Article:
Martti video interpreter machine

The Martti video interpreter machine will help non-English speaking residents communiate better with doctors and hospitals. (Photo by Nate Pesce / December 14, 2011)

The newest advance at Howard County General Hospital is neither a large and expensive medical device nor an improvement in surgical procedures, but rather a computer screen — and a service — that allows medical providers and patients to communicate with each other in more than 170 languages and dialects.

Simple as it sounds, it is an important improvement.

The system, called Martti, for "My accessible real-time trusted interpreter," links the hospital by video to trained medical interpreters working for the Columbus, Ohio-based Language Access Network. At any time of day, on every day of the year, patients who do not speak English well or at all — or patients who are deaf or hearing impaired — can have better conversations with medical providers.

"This gives us instant access to a translator," said Victor A. Broccolino, president and CEO of Howard County General Hospital. "There really is nothing like it."


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There are nine Martti devices at Howard County General Hospital, as well as one at Chase Brexton Health Services in Columbia and one at Healthy Howard in Columbia. The system was launched at the hospital on Nov. 29. An event announcing its use was held Thursday at the Hawthorn Center in Columbia.

Horizon Foundation, a Columbia-based nonprofit focused on health and wellness in Howard County, is paying for two-thirds of a two-year trial period of the service, according to Richard M. Krieg, the foundation's president and CEO. The remaining one-third is being paid for by the hospital.

The total cost for two years of Martti and all of the languages and dialects from Language Access Network's interpreters is $180,000, Krieg said. Last year alone, Howard County General spent more than $100,000 just on American Sign Language interpreters for its patients, according to Broccolino.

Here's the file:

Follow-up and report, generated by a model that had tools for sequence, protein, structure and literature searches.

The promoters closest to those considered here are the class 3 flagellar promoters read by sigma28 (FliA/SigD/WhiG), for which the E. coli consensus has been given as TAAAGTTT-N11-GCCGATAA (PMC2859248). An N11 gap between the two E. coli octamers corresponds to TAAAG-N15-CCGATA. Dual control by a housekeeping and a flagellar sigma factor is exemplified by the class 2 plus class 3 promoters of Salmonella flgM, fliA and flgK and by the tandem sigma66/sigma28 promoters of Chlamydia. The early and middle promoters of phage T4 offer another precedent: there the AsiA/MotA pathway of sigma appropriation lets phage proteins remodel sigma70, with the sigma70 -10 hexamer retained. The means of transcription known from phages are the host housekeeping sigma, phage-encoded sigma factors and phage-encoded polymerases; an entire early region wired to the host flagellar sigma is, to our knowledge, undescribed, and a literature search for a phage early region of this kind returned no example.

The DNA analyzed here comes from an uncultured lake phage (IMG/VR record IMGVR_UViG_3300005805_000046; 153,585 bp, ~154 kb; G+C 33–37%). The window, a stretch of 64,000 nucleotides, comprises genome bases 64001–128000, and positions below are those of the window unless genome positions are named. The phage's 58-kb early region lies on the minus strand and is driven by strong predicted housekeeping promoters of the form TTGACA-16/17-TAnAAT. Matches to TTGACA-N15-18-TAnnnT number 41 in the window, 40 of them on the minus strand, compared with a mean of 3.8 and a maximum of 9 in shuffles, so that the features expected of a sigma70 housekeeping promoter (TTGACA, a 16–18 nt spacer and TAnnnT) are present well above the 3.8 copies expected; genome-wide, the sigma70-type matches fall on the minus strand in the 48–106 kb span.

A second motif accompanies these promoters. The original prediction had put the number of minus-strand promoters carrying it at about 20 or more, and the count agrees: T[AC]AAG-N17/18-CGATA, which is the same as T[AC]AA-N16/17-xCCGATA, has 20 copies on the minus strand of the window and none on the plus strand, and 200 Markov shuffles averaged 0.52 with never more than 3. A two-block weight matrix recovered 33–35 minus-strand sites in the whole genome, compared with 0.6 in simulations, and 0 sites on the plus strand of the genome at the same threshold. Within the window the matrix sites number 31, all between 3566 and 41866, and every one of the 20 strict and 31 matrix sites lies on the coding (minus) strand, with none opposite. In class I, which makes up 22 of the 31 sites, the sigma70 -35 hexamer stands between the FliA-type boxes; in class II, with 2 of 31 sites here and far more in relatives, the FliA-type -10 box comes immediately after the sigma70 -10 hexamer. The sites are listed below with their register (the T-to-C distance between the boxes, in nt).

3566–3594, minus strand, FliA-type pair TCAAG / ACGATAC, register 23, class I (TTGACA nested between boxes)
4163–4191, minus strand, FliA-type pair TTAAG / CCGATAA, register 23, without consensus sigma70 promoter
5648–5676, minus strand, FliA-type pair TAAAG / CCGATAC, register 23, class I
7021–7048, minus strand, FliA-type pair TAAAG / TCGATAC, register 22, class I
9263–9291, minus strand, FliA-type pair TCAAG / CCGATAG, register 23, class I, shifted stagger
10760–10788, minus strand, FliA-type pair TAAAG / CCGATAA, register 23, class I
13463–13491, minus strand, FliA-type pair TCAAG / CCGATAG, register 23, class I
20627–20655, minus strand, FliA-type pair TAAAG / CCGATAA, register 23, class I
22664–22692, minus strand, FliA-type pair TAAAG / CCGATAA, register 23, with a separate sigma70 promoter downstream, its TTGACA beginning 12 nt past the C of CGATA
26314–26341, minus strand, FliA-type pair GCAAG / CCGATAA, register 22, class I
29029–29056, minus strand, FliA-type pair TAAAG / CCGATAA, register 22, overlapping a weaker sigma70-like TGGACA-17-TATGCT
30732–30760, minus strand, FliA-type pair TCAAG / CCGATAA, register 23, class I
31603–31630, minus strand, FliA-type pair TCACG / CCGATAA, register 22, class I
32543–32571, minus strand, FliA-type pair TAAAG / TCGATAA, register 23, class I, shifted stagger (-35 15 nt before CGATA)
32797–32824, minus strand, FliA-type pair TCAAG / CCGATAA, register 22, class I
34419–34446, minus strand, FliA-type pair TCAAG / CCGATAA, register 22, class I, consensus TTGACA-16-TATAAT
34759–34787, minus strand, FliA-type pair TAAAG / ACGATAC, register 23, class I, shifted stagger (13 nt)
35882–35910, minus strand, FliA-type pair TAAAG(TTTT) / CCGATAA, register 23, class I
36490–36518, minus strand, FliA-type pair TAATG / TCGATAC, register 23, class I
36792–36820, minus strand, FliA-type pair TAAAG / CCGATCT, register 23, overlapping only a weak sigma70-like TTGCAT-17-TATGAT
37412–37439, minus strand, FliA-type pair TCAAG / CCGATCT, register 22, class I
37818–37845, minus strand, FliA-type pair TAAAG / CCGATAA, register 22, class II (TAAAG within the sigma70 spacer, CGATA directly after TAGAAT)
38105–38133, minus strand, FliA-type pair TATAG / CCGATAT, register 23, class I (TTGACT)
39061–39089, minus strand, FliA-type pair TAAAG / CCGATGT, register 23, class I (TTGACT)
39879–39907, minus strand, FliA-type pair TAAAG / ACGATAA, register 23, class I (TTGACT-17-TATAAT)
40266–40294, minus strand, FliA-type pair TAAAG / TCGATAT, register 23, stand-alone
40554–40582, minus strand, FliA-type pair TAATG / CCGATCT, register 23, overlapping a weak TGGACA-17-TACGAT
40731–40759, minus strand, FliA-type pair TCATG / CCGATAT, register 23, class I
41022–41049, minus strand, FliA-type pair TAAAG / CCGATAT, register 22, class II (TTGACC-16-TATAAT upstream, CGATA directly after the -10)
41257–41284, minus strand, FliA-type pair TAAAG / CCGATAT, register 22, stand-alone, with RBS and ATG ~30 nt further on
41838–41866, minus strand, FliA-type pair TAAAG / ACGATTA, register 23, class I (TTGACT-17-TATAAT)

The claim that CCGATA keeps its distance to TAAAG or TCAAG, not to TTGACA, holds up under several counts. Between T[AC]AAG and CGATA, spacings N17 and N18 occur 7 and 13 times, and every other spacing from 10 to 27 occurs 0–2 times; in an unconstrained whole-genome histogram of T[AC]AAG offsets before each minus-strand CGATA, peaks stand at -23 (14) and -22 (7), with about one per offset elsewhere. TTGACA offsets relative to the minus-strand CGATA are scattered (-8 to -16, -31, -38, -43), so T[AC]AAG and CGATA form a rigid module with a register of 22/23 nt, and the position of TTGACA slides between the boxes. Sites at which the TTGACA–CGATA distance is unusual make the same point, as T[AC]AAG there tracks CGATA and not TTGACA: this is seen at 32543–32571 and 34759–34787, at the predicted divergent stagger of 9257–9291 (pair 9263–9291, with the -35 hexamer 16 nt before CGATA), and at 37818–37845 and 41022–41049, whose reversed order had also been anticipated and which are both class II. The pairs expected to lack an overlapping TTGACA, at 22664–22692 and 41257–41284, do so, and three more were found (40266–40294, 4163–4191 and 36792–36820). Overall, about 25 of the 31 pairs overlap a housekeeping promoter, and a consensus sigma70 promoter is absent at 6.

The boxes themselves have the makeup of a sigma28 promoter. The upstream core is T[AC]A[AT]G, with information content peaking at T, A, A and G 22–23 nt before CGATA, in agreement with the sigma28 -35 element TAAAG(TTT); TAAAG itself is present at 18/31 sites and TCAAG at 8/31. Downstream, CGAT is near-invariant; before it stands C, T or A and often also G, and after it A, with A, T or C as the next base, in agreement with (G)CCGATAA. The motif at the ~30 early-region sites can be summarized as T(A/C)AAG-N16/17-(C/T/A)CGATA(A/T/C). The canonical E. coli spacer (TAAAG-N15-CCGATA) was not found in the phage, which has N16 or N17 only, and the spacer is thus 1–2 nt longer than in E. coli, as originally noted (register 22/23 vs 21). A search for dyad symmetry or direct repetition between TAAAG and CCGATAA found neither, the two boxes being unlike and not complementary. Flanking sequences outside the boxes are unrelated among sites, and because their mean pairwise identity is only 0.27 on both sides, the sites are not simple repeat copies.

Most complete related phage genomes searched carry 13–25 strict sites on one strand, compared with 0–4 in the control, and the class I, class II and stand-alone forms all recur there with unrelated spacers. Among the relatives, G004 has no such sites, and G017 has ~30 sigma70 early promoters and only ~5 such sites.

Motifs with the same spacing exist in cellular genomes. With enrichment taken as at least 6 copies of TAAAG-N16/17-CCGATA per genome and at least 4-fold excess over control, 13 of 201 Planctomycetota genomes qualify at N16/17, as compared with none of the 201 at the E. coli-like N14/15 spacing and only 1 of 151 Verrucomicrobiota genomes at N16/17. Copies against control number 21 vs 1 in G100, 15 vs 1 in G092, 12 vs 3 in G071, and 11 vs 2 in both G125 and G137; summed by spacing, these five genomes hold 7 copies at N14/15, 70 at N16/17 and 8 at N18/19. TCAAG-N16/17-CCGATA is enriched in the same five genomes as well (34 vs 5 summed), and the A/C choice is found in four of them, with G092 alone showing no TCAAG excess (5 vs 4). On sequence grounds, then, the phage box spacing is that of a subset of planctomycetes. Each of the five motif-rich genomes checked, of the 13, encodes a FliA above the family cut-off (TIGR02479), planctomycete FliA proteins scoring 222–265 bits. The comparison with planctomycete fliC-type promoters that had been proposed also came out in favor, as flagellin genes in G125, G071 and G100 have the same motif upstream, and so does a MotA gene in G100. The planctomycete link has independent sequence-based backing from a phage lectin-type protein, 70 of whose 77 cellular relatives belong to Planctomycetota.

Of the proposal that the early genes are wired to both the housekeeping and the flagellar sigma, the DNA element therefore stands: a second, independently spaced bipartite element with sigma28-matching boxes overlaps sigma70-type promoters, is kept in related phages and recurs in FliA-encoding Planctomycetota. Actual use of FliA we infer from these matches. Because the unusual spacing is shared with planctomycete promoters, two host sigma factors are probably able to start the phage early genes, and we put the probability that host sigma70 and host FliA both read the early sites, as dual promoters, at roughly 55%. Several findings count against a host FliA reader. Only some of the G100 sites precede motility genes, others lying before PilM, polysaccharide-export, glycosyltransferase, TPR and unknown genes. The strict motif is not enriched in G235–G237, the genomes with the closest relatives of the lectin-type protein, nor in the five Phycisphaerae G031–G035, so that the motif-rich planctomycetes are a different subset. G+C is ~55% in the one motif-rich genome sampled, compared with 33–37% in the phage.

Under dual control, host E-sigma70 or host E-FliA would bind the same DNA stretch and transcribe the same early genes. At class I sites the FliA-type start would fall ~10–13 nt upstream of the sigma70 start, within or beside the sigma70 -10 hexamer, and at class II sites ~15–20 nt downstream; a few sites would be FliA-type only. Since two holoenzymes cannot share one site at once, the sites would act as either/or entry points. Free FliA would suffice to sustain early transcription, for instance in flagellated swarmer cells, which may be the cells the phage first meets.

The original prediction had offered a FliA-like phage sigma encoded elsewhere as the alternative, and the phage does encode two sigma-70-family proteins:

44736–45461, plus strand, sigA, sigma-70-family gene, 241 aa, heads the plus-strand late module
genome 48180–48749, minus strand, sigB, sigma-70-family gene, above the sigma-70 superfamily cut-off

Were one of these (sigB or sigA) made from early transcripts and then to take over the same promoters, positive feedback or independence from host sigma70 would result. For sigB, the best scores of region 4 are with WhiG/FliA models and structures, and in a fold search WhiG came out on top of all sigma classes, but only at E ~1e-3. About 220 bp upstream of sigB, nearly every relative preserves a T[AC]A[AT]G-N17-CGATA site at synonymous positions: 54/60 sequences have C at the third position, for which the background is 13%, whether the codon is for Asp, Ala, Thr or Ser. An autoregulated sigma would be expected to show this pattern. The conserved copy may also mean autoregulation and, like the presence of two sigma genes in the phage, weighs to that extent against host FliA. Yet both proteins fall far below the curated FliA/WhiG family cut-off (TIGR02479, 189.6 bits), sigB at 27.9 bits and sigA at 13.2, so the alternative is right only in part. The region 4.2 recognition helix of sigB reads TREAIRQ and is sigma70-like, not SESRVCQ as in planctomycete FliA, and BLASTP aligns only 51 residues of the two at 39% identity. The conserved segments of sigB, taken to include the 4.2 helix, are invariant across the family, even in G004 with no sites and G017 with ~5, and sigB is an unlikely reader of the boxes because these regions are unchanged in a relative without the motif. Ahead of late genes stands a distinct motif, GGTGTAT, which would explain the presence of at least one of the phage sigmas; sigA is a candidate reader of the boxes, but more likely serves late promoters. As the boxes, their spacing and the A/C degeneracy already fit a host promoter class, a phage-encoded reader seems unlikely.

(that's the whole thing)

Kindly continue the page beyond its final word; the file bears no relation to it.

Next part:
"This has been a great success story at the hospital," Broccolino said Thursday. "This is beyond the standard of care. We're ahead of everyone in the health care system in this regard."

The devices are spread out in a number of the hospital's departments. Since its launch, the hospital has used Martti 78 times for nearly 1,200 minutes, Broccolino said.

The most-needed language so far has been Spanish, followed by Chin, which is a dialect in Myanmar. The other languages interpreted have been Arabic, Creole-French, Farsi, Hakka, Korean, Mandarin and Vietnamese.

"We've known now for well over 10 years that we have a large foreign-born population in Howard County," Krieg said. The 2010 census showed that 15.5 percent of Howard County residents are foreign-born.

"We found that there are many people in many different groups who are here and do not speak sufficient English" for complex health issues, he said.

When the Healthy Howard initiative first began in the county, staff members noted that there were at least 21 languages being spoken here, Liddy Garcia Bunuel, the agency's executive director, said Thursday.

Elisa Montalvo, the Hispanic Achievement Specialist for the county public school system, said that many parents in Howard do not speak any English or their English it not good enough to have an effective conversation with a health care provider.

Some go to other jurisdictions that might offer their own services or bring their own interpreter, sometimes a child. Some just make do without an interpreter, she said.

"A lot of the information gets lost in translation," she said. "A lot of misunderstandings occur."

One such situation is what led to Language Access Network's founding eight years ago, according to Andy Panos, the company's chief operating officer. His brother was in a motor vehicle accident in Mexico and confronted serious miscommunications between himself and those trying to help him.

"This situation goes on throughout the United States," Panos said. This system "empowers both a patient and a provider to communicate, to make sure what you're feeling — your anxieties, your pain — was being communicated properly and effectively.

"It makes an amazing difference," he said, "in a patient's life."